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Breaking A 6 Month Assured Tenancy

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I moved into another house with a 6 month assured tenacy about 5 weeks ago. I don't really like the place, it's not well maintained though they have sorted some issues, and some local kids have been doing stuff to the car.

That aside I had a call from the estate agent saying that the landlords want their house back as they're being turfed out of their current place (family row!) and they wanted to serve 2 months notice, but the estate agent rightly told them that they cant do that because of the 6 months assured tenancy. The estate agent did say though that if I want to go early, I can, and it'll be done properly, plus if I stay with that agent, they'll wave my next admin fee which they did on my last place from a similar incident.

If I do move out, is there anything I should be careful of legally? Any other things you think I should be aware of or do, let me know. I can stay there the full 6 months but I don't really want to.

Cheers.

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I think you have missed the point. I know what the contract says, the contract is assured for 6 months and I know the T's and C's, but these contracts don't have any get-out for before 6 months, this is an odd situation so Im more looking for legalities I should be aware of if both parties are happy to nullify a contract that comes under the Landlords and Tenants Act?

Thanks Anyway.

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From the Shelter website:

Shelter Link

What if my landlord agrees that I can leave?

It is possible to get out of the agreement at any time if you can come to a mutual agreement with your landlord. This is called 'surrender'. To be valid, both sides must agree, and it's always best to put what's been agreed in writing so everyone knows where they stand. If you have a joint tenancy all the joint tenants and the landlord must agree to the surrender.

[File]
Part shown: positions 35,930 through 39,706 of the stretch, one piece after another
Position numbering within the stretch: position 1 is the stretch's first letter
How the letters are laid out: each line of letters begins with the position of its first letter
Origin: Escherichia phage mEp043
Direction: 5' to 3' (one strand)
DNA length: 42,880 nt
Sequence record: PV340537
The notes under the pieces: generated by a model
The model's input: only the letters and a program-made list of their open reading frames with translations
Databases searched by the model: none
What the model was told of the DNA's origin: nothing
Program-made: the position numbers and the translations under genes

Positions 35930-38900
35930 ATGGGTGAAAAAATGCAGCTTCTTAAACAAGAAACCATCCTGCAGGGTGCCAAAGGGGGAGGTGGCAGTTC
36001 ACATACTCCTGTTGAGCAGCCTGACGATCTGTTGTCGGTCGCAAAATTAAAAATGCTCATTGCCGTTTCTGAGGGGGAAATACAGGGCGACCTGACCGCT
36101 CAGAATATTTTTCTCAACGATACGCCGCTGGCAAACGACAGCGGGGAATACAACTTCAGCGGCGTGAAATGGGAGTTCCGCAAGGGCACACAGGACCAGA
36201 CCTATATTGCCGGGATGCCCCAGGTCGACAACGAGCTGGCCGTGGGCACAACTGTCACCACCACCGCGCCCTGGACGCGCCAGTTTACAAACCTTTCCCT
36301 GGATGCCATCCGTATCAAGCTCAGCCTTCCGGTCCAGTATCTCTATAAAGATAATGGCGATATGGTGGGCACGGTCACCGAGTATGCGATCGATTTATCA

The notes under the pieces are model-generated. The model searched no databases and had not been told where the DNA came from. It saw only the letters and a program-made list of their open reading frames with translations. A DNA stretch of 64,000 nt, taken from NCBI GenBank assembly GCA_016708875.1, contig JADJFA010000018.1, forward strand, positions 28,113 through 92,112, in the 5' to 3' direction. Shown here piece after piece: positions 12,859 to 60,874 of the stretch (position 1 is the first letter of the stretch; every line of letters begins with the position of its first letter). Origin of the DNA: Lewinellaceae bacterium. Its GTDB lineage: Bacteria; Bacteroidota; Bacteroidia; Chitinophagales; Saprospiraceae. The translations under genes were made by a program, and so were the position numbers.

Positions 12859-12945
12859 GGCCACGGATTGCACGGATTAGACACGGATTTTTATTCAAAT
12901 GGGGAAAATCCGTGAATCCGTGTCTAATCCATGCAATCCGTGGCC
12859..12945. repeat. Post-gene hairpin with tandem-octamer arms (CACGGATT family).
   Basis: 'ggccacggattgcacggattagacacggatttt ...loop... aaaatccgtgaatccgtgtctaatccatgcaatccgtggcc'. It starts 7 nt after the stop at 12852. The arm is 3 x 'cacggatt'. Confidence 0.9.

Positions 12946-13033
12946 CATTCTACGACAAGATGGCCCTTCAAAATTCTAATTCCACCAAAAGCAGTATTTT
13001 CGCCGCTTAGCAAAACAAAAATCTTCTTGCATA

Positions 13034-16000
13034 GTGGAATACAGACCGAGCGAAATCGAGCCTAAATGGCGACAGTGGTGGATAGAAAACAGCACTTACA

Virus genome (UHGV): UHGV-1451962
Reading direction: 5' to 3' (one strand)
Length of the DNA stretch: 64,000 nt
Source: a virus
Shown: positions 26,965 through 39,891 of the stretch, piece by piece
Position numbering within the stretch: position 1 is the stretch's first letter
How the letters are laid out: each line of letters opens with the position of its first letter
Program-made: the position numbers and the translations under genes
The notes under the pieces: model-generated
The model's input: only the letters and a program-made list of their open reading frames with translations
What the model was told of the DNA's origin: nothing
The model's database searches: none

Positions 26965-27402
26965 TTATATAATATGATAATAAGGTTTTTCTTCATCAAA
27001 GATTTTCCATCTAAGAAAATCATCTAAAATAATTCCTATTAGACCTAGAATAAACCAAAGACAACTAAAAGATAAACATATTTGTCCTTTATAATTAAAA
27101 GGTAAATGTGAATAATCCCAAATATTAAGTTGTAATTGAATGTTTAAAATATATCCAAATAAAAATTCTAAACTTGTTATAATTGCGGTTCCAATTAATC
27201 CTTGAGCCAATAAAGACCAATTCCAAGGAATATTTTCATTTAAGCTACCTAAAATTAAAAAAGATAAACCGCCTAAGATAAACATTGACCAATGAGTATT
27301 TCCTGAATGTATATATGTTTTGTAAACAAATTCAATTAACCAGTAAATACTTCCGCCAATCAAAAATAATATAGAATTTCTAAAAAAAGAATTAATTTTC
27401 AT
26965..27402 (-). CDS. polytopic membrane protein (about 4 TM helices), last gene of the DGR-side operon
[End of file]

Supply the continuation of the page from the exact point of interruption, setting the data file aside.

It's worth seeing if your landlord is willing to negotiate even if your tenancy agreement says you can't leave early. It may be convenient for both of you!

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In contract law the contract has no life of its own, it is only between the contracting parties. If you both want to end it you can by mutual agreement.

Your contract should only be between you and the landlord.

Try and get some money out of him for it - say two months rent on your next property.

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The estate agent did say though that if I want to go early, I can, and it'll be done properly, plus if I stay with that agent, they'll wave my next admin fee which they did on my last place from a similar incident.

... hmmm... and while your at it, maybe find another estate agent?

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  • 301 Brexit, House prices and Summer 2020

    1. 1. Including the effects Brexit, where do you think average UK house prices will be relative to now in June 2020?


      • down 5% +
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      • Even
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      • up 5%



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